Other competitions evolved from these formats include competitions testing knowledge in the Bible, Latin, modern foreign languages, and hundreds of other specialties. DECA runs a quiz bowl competition that tests knowledge on business and market topics. [24] Many medical schools use quiz bowl-style competitions as part of their "grand rounds" specialty training for students and interns.[citation needed] In the 1990s, "Deaf College Bowl" for university teams with hearing-impaired students emerged. Tournaments designated as "trash" tournaments focus on pop culture and sports trivia.[6]

In addition, other variants on the above quiz bowl formats are used at the high school level, including such formats as those of the Ohio Academic Competition (OAC), Partnership for Academic Competition Excellence (PACE), and the National Tournament of Academic Excellence (NTAE).


One contentious issue in quiz bowl is what constitutes "good" quiz bowl. Proponents of certain reforms purport to increase the educational value and fairness of quiz bowl while retaining its enjoyment, primarily by using pyramidal questions.[25] Tournaments such as College Bowl were criticized for superfluous clues in their questions and for using repeats from previous years.[26][27]


Quiz bowl is generally played at tournaments, though high schools will also commonly play single matches against local schools or schools within an athletic conference. During tournaments, teams gather to engage each other in several rounds of games. A tournament winner is determined using some criteria such win-loss record. There are several classes of tournaments, which may use one of several formats. Many schools hold intramural tournaments where any team formed from students on that campus can play. On occasion, such tournaments may be open to graduate students and/or campus faculty.

Invitational tournaments involve teams from various schools and are generally run by the quiz bowl team from the host school. Invitations are sometimes sent to individual programs, though most tournaments give out open invitations for any school to accept. Major variants of invitational tournaments include national, regional, novice, and open tournaments. Such tournaments often have qualification requirements, sometimes including purchase of intramural tournament packets, or participation in regional tournaments (or other tournaments). They have unique rules above their associated formats, usually concerning eligibility and number of teams per school.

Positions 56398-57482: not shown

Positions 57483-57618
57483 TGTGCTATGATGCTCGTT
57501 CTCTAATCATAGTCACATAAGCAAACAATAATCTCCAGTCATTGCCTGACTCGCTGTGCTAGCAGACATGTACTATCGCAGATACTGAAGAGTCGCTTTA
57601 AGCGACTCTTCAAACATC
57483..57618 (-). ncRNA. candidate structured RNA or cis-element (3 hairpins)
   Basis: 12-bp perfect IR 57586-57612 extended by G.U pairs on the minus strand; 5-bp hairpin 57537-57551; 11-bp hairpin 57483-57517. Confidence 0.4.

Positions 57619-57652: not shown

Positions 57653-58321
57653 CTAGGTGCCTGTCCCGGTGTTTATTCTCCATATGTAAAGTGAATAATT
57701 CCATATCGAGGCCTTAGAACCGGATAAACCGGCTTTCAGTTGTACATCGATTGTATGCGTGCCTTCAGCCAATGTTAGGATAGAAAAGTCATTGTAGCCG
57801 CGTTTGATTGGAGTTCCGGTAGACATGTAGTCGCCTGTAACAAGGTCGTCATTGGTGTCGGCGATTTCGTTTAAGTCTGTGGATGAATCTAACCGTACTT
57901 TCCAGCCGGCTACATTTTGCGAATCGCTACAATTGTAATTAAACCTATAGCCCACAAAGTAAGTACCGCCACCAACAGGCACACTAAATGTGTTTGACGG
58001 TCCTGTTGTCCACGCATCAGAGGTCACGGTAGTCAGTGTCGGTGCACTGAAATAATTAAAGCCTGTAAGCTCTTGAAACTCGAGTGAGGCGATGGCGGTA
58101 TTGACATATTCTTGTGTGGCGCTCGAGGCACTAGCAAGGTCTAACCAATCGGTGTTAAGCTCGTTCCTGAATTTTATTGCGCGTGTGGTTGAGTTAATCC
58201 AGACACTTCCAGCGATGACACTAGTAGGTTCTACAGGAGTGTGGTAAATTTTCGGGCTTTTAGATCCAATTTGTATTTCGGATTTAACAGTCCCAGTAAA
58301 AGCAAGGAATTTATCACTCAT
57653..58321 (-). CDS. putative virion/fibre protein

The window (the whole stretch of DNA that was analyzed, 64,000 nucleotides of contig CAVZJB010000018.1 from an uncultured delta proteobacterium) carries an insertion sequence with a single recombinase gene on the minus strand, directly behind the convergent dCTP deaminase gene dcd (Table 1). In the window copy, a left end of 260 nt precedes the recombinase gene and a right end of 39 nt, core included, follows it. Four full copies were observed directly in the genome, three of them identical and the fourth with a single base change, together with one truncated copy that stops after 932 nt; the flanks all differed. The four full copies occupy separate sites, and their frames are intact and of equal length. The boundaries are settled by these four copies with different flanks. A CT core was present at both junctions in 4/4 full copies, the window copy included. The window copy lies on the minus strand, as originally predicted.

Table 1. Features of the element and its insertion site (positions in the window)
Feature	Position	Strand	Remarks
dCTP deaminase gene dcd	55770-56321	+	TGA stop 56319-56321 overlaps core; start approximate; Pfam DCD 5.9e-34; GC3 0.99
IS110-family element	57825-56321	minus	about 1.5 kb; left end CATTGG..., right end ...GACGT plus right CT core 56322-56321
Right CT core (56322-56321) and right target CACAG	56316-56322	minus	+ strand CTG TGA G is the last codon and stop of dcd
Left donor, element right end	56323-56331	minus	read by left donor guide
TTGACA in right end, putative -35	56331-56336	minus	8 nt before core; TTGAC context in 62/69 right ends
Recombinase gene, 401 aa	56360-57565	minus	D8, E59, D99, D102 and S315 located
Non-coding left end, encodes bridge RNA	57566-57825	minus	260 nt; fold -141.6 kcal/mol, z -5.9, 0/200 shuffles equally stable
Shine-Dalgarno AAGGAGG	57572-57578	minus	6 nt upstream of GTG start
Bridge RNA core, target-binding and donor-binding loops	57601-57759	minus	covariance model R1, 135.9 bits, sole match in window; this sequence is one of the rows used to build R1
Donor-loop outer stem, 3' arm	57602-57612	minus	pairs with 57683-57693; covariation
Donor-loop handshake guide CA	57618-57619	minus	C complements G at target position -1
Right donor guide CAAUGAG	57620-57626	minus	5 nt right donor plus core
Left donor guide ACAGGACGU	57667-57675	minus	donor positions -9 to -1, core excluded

As with other interscholastic competition, there are eligibility rules that dictate who may participate in a particular event. Eligibility rules mainly concern collegiate quiz bowl, and often depend on the format. In official College Bowl and NAQT events, among others, there are rigid eligibility rules. Independent events have varying restrictions on participation like allowing only freshman and sophomore players or excluding graduate students from play. College Bowl in particular would allow only one graduate student per team. Non-students are usually excluded from college tournaments, although they may participate in "open" tournaments. Some intramural tournaments allow faculty members to play.

Collegiate national tournaments[edit]

At the college level, there exist several academic tournaments run by organizations not affiliated with a given school. These generally have regional competitions followed by a national championship. These organizations include:

High-school national tournaments[edit]

A number of organizations conduct national competitions for high-school students in the United States. These include:

  • High School National Championship Tournament (HSNCT) is sponsored by National Academic Quiz Tournaments since 1999. The tournament has been held in a number of different cities throughout its existence.
  • National Scholastics Championship (NSC) has been held since 1998, and is organized by the Partnership for Academic Competition Excellence (PACE). The competition has been held at various sites in the South, Mid-Atlantic and Midwest.
  • National Academic Championship (NAC) has been held since 1983, and is sponsored by Questions Unlimited. The tournament is played at three sites throughout the nation every year.
  • The National All-Star Academic Tournament (NASAT) is a national tournament hosted by High School Academic Pyramidal Questions (HSAPQ). NASAT is played by all-star teams from each state in an ACF format tournament.
  • The National Tournament of Academic Excellence (formerly known as the Panasonic Academic Challenge) traditionally at Walt Disney World in Orlando, Florida. It is sponsored in part by the county and state school boards of the State of Florida, with Panasonic holding title-sponsor status from 1992 to 2008.

In education[edit]

Some elementary and middle schools use quiz bowl as an activity to generate interest in academic subjects among younger students. Participants are thought to benefit from exposure to a broad range of school and cultural subjects, memorization and study skills, and an improved ability to cooperate and work in teams.[28]

Media coverage[edit]